NASA’s Perseverance rover is on a quest to find life on Mars, or at least, evidence of it once existing there.
As it continued to explore the martian surface last week, the roving laboratory stumbled upon what appeared to be a bundle of string. The bizarre discovery was captured by one of Perseverance’s plethora of cameras and beamed back to Earth for scientists to study. The photo so intrigued the public that it topped NASA’s poll for the mission’s Image of the Week.
While it’d be wonderful to be able to conclude that it was left by an alien with a penchant for pasta, the truth appears to be rather more prosaic.
According to officials at NASA’s Jet Propulsion Laboratory, which is overseeing the current Perseverance Mars mission, the string-like material was probably part of the descent stage or a piece of cord from the parachute that delivered the rover to the martian surface in spectacular fashion last year.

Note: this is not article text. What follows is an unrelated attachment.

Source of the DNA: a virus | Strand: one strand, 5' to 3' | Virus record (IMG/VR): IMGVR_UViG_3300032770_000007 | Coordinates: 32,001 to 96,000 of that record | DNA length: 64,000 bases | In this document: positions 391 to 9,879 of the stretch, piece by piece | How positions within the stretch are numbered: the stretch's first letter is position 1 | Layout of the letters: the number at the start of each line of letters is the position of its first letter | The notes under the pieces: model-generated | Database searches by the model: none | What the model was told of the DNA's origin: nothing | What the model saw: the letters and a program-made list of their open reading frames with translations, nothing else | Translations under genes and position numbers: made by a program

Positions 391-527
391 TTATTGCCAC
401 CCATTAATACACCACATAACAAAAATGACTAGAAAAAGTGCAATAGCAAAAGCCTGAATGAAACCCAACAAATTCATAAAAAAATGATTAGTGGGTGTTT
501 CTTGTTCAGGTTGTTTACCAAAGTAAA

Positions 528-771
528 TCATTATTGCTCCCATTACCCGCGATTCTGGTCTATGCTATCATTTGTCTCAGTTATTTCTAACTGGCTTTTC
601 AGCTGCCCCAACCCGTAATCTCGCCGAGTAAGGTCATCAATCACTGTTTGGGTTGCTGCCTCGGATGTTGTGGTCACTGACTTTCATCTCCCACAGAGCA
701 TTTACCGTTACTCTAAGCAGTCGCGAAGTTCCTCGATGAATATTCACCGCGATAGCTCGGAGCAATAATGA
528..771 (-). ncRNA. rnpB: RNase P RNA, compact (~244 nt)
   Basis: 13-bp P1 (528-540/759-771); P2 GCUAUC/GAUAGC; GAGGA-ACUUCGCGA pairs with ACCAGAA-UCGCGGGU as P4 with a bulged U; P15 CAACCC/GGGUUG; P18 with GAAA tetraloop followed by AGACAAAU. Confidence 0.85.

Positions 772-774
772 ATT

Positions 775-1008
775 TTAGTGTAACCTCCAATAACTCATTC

So, nothing to do with extraterrestrials.
But then another odd thing happened. A photo of the same location taken four days later showed that the string had vanished. However, this too can be explained pretty easily, as the winds that whip across Mars seem likely to have blown the object to another location.
This isn’t the first unusual find that Perseverance has made while exploring the martian surface. Last month, for example, the rover came across what’s likely to have been a piece of a thermal blanket that, like the string, came down with Perseverance’s descent stage.
Although it’s exciting to think that Perseverance might one day happen upon some truly bizarre object that’s been on Mars for billions of years, it’s highly unlikely to happen. That’s because the landscape, while fascinating in and of itself, contains only rocks, dust, and sand. And, hopefully, evidence of ancient microbial life …
- Thousands of stars sparkle in this week’s Hubble image
- Looking back on some of the universe’s oldest galaxies with James Webb
- India successfully launches new rocket but fails to deploy satellites into stable orbit
- Wish a very happy 10th landing anniversary to Mars rover Curiosity
- NASA gets ready for Artemis lunar launch later this month